Splunk Plays to Developers, Ships Eclipse Plug-In

 
 
By Darryl K. Taft  |  Posted 2014-02-04 Email Print this article Print
 
 
 
 
 
 
 

Splunk continues to get serious with developers, adding a new Eclipse plug-in and updating its Python SDK.

Splunk, a provider of a popular big data analytics platform for real-time operational intelligence, has been busy on the developer front and is now announcing new developer features, including a plug-in for Eclipse.

Developers can use the new Splunk Plug-in for Eclipse for building applications that use and extend Splunk, Jon Rooney, director of developer marketing, told eWEEK.

"Our customers are a lot of big enterprises with a lot of Java shops, so we're shipping an Eclipse SDK," Rooney said.

Eclipse is the tool of choice for a majority of Java developers around the world. The new plug-in contains a project template for building a new Splunk software development kit (SDK) for Java application. It is useful for building an application that searches against Splunk data or does automation. The project template includes snippets for performing common SDK tasks, as well as infrastructure for wiring up the application to log application data directly to Splunk using popular log frameworks like Apache Log4J. Additionally, the plug-in includes support for creating modular inputs to extend Splunk and allow it to talk to additional data sources such as other internal systems or public APIs like Google, Facebook and Twitter.

In addition to the Splunk Eclipse plug-in, the company also has delivered an update to the Splunk SDK for Python that supports extensibility for the fundamental activity in Splunk: search.

Developers can use the custom search functionality in the updated Splunk SDK for Python to author new search commands. This makes it easy for developers to extend Splunk's search language and introduce their own commands that can be used on the command line, Rooney said. This can be used either for introducing complex algorithms like doing geo-fencing, or linear regression, for retrieving data from public APIs—such as Amazon's S3 or Azure Blob Storage, or for addressing domain-specific concerns like retrieving data from an internal system or applying custom business logic on top of Splunk data.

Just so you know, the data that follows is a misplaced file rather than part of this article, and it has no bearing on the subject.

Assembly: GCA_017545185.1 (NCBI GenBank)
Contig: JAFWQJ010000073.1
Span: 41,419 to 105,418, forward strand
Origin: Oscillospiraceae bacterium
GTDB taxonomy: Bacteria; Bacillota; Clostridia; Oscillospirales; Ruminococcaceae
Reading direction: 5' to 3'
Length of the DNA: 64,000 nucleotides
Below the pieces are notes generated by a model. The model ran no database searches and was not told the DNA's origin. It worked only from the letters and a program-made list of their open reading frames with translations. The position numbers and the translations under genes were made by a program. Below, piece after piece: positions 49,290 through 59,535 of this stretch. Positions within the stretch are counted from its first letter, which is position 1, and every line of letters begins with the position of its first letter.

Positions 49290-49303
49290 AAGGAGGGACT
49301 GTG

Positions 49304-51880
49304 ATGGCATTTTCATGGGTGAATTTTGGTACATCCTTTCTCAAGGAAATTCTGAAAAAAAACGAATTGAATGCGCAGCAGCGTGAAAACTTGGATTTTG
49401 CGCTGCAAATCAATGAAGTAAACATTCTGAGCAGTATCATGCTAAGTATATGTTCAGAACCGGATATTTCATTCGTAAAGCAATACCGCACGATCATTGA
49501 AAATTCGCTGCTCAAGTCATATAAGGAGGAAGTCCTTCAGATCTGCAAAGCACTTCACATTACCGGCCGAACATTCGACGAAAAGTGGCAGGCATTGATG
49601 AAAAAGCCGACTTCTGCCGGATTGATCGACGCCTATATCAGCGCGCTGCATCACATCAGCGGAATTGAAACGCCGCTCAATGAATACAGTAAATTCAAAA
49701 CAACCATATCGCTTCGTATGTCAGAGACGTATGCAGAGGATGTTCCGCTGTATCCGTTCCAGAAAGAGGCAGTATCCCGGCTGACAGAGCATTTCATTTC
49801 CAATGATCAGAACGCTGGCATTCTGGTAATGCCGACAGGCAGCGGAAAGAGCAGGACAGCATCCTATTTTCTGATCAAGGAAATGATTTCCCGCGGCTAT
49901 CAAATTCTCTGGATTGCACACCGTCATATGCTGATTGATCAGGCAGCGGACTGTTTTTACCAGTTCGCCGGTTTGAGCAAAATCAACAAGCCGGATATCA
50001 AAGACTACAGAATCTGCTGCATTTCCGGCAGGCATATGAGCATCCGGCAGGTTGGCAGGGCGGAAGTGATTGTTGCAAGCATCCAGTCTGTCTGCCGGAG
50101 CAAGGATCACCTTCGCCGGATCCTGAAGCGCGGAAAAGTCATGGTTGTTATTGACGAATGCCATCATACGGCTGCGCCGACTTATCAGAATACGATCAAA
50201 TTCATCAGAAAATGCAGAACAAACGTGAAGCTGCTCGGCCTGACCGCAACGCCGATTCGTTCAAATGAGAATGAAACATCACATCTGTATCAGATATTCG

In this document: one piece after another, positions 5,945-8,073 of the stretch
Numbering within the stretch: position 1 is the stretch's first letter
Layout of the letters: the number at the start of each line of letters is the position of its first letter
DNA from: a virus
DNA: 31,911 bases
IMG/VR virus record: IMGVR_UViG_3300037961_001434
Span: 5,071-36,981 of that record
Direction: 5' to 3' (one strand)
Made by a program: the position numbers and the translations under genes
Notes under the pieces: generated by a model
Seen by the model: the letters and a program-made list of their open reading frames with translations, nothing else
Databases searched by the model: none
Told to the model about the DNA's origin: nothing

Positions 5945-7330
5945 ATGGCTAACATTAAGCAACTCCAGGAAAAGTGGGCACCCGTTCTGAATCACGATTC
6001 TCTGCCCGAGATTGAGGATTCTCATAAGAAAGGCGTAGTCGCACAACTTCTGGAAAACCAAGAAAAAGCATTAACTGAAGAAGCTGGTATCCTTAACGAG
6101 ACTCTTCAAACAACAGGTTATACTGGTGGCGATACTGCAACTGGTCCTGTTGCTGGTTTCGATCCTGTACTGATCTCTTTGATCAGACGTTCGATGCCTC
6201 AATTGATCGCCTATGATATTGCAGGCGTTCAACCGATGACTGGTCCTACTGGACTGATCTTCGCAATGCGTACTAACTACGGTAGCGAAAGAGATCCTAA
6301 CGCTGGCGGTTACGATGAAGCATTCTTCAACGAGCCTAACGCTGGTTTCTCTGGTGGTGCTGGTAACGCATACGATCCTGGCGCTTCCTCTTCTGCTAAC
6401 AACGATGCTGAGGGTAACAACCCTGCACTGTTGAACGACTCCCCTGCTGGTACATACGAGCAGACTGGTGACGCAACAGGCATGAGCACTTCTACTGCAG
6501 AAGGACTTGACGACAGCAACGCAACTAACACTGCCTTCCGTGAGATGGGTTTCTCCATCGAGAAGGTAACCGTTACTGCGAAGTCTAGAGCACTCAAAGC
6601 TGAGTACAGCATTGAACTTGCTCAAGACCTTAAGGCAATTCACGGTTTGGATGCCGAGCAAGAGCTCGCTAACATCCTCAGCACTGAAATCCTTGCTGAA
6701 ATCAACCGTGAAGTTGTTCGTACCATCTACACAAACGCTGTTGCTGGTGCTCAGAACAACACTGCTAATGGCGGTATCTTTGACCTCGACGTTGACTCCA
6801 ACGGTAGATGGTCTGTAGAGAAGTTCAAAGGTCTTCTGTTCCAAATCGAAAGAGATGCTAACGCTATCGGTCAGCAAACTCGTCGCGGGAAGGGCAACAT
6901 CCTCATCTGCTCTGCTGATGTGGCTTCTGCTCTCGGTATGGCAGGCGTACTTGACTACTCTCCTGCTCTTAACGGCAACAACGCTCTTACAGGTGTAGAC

Splunk also commissioned RedMonk analyst Donnie Berkholz to talk with Splunk customers and partners about how they use Splunk software in the software development in a new video. Berkholz speaks with Snap Interactive about how they use Splunk to get increased agility and visibility in the DevOps process while Prelert and Function1 talk about building on the Splunk platform and the developer experience of the Splunk Web Framework that launched with Splunk 6.

After its annual user conference last October, Splunk in November named Todd Papaioannou as its new CTO. Papaioannou joined Splunk from Data Collective Venture Capital (DCVC), a venture capital firm where he was an entrepreneur-in-residence. Prior to DCVC, he was co-founder and CEO of Continuuity, an early stage big data startup. And before that he worked on Hadoop at Yahoo. Papaioannou is passionate about developers and the experience of building big data apps, Rooney said. He will be speaking at the upcoming Fluent 2014 conference in San Francisco in March where he will address the developer audience about building big data applications.

"Todd brings a lot of credibility with the developer community and a deep understanding of the developer space," Rooney said. "He comes from a development first background and has worked with a lot of developer tooling."

 

 
 
 
 
 
 
 
 
 
 
 
 
 

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